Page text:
On Sept. 28, 2015, Gov. Brown signed AB 1515, which clarifies and corrects sections in the insurance code and restores the requirement that interest be applied to claim payments under non-health disability policies when a payment is made more than 30 days after receipt of the claim. In addition, the law updates the California Department of Insurance’s contact information on notices and disclosures for consumers by requiring these disclosures to include the Department of Insurance’s website address. In addition, the law aims to increase the department’s efficiency in processing and approving administrative settlements by allowing the commissioner to delegate settlement authority for minor non-insurer cases to a deputy commissioner. Finally, AB 1515 makes several other changes that include increasing conformity to the National Association of Insurance Commissioner’s Model Laws.
AB 1515 is effective January 1, 2017.
On Oct. 9, 2015, Gov. Brown signed AB 387 into law. The new law is intended to improve the department's ability to approve draft disability policies by extending the period of time allowed for the department to review the policy forms and any associated risks and premium rates from 30 to 120 calendar days. Moreover, it authorizes the commissioner to develop new guidelines to streamline the file review process for life and disability insurance forms and then to publish these procedures on the department’s website for public review. The legislature hopes that by providing clearer guidelines for insurers to follow when submitting policies for approval, and increasing time allowed to review and approve policies, the new law will improve the overall process and reduce confusion for consumers and the industry.
On Oct. 6, 2015, Gov. Brown signed SB 575 into law, giving consumers new protections concerning non-forfeiture benefits under their long-term care contracts. The new law protects consumers, specifically the elderly and their caregivers, by requiring long-term care insurers to provide annual notification of the availability of non-forfeiture benefits and contingent benefits to the insured and the insured's designated backup contact. The notification must include the availability of the non-forfeiture benefit, the dollar amount of the non-forfeiture benefit and the name, address and telephone number of the insurer for questions about the benefit. Insurers must send the first annual revised notice to affected policyholders by July 1, 2016.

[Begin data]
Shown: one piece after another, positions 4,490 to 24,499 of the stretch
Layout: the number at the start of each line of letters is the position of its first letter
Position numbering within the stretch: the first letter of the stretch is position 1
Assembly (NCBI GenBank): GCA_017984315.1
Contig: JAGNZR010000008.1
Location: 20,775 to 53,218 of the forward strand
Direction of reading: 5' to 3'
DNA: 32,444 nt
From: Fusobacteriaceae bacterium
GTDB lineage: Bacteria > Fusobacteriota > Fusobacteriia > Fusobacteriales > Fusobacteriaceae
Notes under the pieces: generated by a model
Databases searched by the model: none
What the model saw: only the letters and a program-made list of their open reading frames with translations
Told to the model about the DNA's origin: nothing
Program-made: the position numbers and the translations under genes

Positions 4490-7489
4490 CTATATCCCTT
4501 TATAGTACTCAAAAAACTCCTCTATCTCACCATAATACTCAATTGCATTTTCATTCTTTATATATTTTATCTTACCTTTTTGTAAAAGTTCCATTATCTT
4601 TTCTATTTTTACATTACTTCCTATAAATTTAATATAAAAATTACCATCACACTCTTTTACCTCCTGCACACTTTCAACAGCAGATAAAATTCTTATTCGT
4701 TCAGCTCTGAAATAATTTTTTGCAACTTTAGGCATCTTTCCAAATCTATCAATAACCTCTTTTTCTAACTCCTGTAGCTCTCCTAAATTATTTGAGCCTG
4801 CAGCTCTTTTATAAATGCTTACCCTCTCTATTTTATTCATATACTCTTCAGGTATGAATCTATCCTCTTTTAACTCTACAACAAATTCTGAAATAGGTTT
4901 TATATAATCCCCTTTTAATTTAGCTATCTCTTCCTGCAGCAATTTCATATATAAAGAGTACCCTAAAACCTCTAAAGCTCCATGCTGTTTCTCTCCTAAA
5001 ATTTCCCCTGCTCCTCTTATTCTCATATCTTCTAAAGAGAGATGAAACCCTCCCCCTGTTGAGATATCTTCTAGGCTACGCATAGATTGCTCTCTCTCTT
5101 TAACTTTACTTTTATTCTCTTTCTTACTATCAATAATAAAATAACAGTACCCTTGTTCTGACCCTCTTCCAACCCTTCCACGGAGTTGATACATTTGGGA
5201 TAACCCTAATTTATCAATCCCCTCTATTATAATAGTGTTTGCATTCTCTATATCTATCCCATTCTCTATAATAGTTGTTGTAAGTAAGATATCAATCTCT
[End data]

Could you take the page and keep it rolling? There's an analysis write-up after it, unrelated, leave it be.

On July 16, 2015, Gov. Brown signed into law AB 987, which amends the Fair Employment and Housing Act (FEHA) to provide protection for employees who make a request for an accommodation of a disability or religious beliefs. Existing law requires an employer to provide reasonable accommodation for, among other things, a person’s disability and religious beliefs and prohibits discrimination against any person who has either opposed any practices forbidden under the act or filed a complaint. This bill would also prohibit an employer from retaliating or otherwise discriminating against a person for requesting accommodation of his or her disability or religious beliefs, regardless of whether the accommodation request was granted.
AB 987 was initiated in reaction to Rope v. Auto-Chlor System of Washington, Inc., a 2013 decision from a California appellate panel. In that case the employee requested a leave of absence to donate a kidney to his sister five months prior to the surgery. Two months before the surgery the employee was terminated. He sued for associational disability discrimination under FEHA, but the appellate panel affirmed dismissal of his suit, holding that "a mere request—or even repeated requests—for an accommodation, without more" does not constitute protected activity sufficient to support a claim for retaliation in violation of FEHA. AB 987 amends the statute to establish that "[a] request for reasonable accommodation based on religion or disability constitutes protected activity … such that when a person makes such a request, he or she is protected against retaliation for making the request."